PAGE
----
Coming together to enjoy delicious food is a staple of the Black community. From brunch after church on Sundays to weekly dinners with the family, eating together provides a space for Black people to build community.
However, restaurants have not always been accessible or welcoming to Black individuals. During the Jim Crow era, paying Black folk were often refused service at restaurants. Still, there have always been places that fought against this and created unique eateries specifically for and by Black people.
Ben’s Chili Bowl and Florida Avenue Grill were both founded in the mid-1950s, and they have been serving the District throughout the Civil Rights Movement up to today. These restaurants continue to uphold their missions of providing safe and joyous places where Black folk can gather.
Ben’s Chili Bowl
Ben’s Chili Bowl is one of the oldest Black-owned restaurants in the District. The store on U Street in Washington, D.C. has been a fan favorite since Ben and Virginia Ali opened its doors in 1958. They are most known for their house-made chili and half-smokes which are still prepared using the original 1958 recipe.
While Ben Ali passed away in 2008, his wife Virginia Ali is still living in the District at 88 years old. She started the restaurant with her husband when she was only 24. Sixty-three years later, Virginia and her food are still a pillar of the Washington, D.C. community.
What makes Ben’s Chili Bowl so special? They have always upheld their mission of being a delicious eatery where Black community members can come together and safely gather over comfort food favorites. The restaurant started as just one location on U Street, but now they have several locations including Ben’s in Arlington, Ben’s on H Street NE and Ben’s at DCA.
Meanwhile, the Ben’s Chili Bowl Foundation raises funds to give back and fund organizations that make a difference every day in the District and more. They supported 28 organizations and have raised over $200k for food pantries, healthcare services, and educational services.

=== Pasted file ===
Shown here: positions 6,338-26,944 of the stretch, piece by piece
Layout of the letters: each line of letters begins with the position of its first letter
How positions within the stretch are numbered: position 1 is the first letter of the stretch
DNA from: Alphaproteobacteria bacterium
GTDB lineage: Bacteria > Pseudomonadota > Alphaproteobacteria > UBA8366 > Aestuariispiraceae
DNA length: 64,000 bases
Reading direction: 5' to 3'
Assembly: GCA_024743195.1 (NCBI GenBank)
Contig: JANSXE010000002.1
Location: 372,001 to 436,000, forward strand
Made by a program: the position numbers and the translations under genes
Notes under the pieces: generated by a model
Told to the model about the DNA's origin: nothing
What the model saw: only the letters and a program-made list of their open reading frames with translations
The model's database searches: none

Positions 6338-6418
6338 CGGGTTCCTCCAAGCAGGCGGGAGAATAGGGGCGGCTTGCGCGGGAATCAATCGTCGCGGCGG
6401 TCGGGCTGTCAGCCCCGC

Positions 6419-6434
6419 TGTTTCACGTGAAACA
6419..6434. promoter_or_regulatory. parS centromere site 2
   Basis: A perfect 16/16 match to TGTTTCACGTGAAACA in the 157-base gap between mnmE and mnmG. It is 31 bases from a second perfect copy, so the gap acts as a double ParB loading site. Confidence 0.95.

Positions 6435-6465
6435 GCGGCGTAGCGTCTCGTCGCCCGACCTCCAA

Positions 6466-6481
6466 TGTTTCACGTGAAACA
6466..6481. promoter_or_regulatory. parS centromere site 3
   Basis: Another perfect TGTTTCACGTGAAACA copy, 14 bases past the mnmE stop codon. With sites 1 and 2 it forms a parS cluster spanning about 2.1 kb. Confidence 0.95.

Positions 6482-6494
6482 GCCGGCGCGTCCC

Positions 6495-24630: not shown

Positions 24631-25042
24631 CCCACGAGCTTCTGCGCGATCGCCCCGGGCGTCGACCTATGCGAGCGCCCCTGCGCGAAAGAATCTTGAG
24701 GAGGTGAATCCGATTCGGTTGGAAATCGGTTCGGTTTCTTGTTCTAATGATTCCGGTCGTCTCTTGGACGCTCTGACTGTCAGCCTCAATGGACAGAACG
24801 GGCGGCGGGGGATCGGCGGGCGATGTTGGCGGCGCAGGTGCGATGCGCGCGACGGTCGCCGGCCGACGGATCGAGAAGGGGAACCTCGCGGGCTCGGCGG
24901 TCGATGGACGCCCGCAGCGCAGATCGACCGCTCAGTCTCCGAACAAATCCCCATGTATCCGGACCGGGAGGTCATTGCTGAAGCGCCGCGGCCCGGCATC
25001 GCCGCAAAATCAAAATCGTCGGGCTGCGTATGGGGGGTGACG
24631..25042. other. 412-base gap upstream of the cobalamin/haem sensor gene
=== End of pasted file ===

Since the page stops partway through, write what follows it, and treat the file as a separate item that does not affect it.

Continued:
Florida Avenue Grill
Florida Avenue Grill is the oldest soul food restaurant in the world.
Located on the corner of Florida Avenue and 11th street in Northwest D.C., the grill was built by Lacey C. Wilson, Sr. He worked as a shoeshine man on Capitol Hill, but he always imagined starting his own business and opening his own restaurant in the District. After receiving support from his wife, Bertha,
Lacey opened Florida Avenue Grill in 1944 as a space where Black people could eat home-cooked meals in a comfortable and unpretentious environment.
On their website, they explain, “[Lacey] envisioned a restaurant that felt like home; where the customers were friends, where you could get a soulfully, home-cooked meal for an affordable price. Lacey envisioned a place where blacks could come and enjoy a meal comfortably without being harassed during a time where the nation was filled with racial tension.”
Since its opening, Black historical figures such as Malcolm X and Martin Luther King Jr. have patronized this establishment. Today, Florida Avenue Grill remains a District favorite — especially beloved by Howard University students who frequent the restaurant for weekend brunches.
Florida Avenue Grill also hosts regular events in support of Black eateries and community members in the District. Last New Year’s, they hosted a “Vegan Brunch Party” to educate others on the benefits of eating plant-based meals.